Anne-Katrin Arnold's picture

An airline has recently accomplished the feat of kicking a blind passenger off the plane because his service dog didn’t fit under the seat in from of him. When other passengers subsequently protested, the entire flight was canceled. In a media report on the incidence, the airline insisted that it did the right thing for the sake of the safety of the crew. Almost immediately, an outrage ensued on the airline’s Facebook page. So far, no response to thousands of very angry comments from the most important stakeholders of the airline: passengers. So how do you handle social media outrage?

Quote of the Week: Muhammad Yunus

Sina Odugbemi's picture

"The fact that people listen to me, they don’t walk away, they rather gather around me. And the young people get very excited – that’s what attracts me the most.  Young people are looking for things to do.”

- Muhammad Yunus, the founder and managing director of Grameen Bank, which pioneered microcredit, and a recipient of the Nobel Peace Prize in 2006.
 

Fragile States, Fractured Media Systems: Double Trouble?

Sina Odugbemi's picture

Happily, improving the lot of fragile states (no matter how they are defined) is an item that keeps racing up the agenda of international development. Sadly, however, when there is so much to repair to be done it is not always clear where to start. Donors bring their own priorities; experts have their own preferences. A new policy brief published by BBC Media Action, the international development arm of the BBC that focuses on improving media systems in developing countries, makes the case for fixing broken media systems in fragile states. Entitled Fragile States: the role of media and communication, the report is the work of James Deane, a well-known expert in the field. The report can be downloaded here.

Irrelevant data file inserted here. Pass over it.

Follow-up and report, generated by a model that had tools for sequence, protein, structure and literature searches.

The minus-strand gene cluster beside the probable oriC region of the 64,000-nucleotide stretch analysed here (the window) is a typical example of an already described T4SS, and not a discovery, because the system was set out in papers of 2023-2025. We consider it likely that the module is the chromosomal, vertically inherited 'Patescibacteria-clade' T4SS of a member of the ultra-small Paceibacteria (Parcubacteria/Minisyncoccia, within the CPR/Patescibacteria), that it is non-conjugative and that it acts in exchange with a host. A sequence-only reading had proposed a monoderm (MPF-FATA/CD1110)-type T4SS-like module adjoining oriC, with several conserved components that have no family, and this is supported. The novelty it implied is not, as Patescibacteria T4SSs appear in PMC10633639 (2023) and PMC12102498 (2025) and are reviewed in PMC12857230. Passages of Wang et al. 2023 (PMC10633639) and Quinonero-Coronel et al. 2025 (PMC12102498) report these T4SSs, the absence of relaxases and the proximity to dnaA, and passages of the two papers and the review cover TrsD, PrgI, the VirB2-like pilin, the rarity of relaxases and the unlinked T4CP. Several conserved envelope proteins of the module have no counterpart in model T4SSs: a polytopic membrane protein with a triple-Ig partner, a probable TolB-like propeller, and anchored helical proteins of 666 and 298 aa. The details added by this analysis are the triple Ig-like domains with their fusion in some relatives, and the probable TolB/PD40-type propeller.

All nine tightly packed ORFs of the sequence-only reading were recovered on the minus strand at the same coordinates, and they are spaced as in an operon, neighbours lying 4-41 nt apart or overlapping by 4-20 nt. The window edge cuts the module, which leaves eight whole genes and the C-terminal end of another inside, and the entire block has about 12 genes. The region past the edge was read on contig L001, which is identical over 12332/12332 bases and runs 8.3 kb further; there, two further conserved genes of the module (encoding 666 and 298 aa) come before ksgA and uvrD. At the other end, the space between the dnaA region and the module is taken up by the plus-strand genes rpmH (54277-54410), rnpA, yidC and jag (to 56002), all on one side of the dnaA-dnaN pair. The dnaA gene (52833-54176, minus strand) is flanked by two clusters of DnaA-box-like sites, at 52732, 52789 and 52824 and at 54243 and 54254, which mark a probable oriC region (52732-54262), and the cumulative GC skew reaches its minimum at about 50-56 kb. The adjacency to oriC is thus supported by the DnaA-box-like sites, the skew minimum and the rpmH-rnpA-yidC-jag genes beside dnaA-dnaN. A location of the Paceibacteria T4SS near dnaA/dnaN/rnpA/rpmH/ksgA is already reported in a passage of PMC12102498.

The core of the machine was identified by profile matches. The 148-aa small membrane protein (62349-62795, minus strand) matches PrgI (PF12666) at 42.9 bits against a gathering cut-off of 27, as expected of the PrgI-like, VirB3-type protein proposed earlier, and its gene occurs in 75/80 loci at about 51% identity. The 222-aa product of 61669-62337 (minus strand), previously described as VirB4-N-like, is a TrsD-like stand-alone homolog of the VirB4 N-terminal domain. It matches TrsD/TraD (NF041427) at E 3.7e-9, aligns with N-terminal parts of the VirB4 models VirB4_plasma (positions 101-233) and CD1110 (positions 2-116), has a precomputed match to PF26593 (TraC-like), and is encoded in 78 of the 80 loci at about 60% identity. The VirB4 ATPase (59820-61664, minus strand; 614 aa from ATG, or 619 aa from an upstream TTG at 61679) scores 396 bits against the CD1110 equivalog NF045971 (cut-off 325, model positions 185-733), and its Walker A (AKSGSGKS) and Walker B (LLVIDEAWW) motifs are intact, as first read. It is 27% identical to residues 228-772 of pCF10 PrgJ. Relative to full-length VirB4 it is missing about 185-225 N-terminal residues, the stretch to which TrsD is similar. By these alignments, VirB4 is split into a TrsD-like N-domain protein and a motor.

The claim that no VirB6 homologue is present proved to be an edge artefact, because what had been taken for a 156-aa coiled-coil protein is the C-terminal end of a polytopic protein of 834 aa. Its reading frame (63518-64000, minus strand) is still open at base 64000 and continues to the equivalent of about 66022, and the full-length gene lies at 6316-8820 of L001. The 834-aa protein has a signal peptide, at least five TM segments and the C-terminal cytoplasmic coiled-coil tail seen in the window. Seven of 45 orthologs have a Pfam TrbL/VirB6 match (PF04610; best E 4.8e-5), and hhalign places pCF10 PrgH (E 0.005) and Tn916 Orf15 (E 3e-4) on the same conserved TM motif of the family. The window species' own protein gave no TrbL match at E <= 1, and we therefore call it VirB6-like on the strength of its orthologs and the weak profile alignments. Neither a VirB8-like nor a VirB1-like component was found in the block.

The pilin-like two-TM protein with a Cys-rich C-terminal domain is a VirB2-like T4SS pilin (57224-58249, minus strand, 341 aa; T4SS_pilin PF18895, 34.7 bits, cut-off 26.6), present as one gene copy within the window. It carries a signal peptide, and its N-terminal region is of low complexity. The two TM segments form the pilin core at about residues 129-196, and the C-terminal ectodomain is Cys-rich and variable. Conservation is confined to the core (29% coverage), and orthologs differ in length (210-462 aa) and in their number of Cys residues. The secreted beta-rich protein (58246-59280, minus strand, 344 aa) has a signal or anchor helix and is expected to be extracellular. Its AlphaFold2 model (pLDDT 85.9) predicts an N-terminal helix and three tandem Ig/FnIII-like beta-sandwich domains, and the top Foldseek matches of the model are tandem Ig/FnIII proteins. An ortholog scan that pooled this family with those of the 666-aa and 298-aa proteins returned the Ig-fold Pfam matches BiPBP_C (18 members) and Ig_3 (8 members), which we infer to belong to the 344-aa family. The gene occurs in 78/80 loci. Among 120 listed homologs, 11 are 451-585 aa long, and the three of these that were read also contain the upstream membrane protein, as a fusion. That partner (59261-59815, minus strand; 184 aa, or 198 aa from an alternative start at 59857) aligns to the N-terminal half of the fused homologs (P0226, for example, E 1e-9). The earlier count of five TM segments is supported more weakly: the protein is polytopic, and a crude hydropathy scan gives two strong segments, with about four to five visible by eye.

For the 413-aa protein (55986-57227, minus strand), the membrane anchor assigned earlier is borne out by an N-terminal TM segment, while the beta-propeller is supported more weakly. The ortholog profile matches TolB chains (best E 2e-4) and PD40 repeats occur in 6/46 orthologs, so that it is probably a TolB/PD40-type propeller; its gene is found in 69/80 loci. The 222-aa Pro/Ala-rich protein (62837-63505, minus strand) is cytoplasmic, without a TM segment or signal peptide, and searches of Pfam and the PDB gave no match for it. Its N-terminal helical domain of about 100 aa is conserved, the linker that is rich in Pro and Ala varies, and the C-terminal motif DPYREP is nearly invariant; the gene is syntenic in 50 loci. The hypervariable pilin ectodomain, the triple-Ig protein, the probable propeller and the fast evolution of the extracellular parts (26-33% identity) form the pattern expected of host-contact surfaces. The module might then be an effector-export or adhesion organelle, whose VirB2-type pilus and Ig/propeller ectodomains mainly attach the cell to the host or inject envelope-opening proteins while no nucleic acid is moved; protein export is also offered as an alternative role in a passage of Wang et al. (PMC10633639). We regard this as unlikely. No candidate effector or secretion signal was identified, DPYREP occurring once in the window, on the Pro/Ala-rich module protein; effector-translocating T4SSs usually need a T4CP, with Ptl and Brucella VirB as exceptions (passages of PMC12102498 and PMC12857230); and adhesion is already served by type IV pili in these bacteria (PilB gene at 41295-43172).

I believe that the work is an important contribution to the policy debate. In what follows, I offer a quick sense of the argument.

Weekly Wire: the Global Forum

Kalliope Kokolis's picture

These are some of the views and reports relevant to our readers that caught our attention this week.

Are Women Really Less Corrupt Than Men?
Slate

“Will electing more women to office make governments less corrupt? One new paper suggests in might—but the reason for that is not necessarily encouraging.

Previous research has suggested an association between a politician’s gender and their likelihood to engage in corrupt behavior. A World Bank study from 2001, for instance, found that “one standard deviation increase in [female participation in government] will result in a decline in corruption... of 20 percent of a standard deviation". This perception has been behind some well-publicized campaigns, such as Mexico City’s plan to employ all-female traffic cops in some areas.”  READ MORE

The Idealist: A Brilliant, Gripping, Disturbing Portrait of Jeffrey Sachs

Duncan Green's picture

For The Idealist, Nina Munk, a Vanity Fair journo, stalked Jeffrey Sachs for six years, focusing on his controversial Millennium Villages Project (MVP). She interviewed the man, sat in on his meetings with bigwigs, and hung around the Millennium Villages to find out what happened when the Prof’s entourage moved on.

The result is more subtle than a simple hatchet job. She portrays Sachs as a man of almost pathological drive and egotism, which both leads to big successes (massive victories on distribution of free anti-malarial bednets for example) and to a refusal to listen or learn from criticism. He comes across as a kind of uber-campaigner, devoid of doubt, absolutely refusing to take no for an answer, dismissive (often in highly personal terms) of anyone who disagrees with him.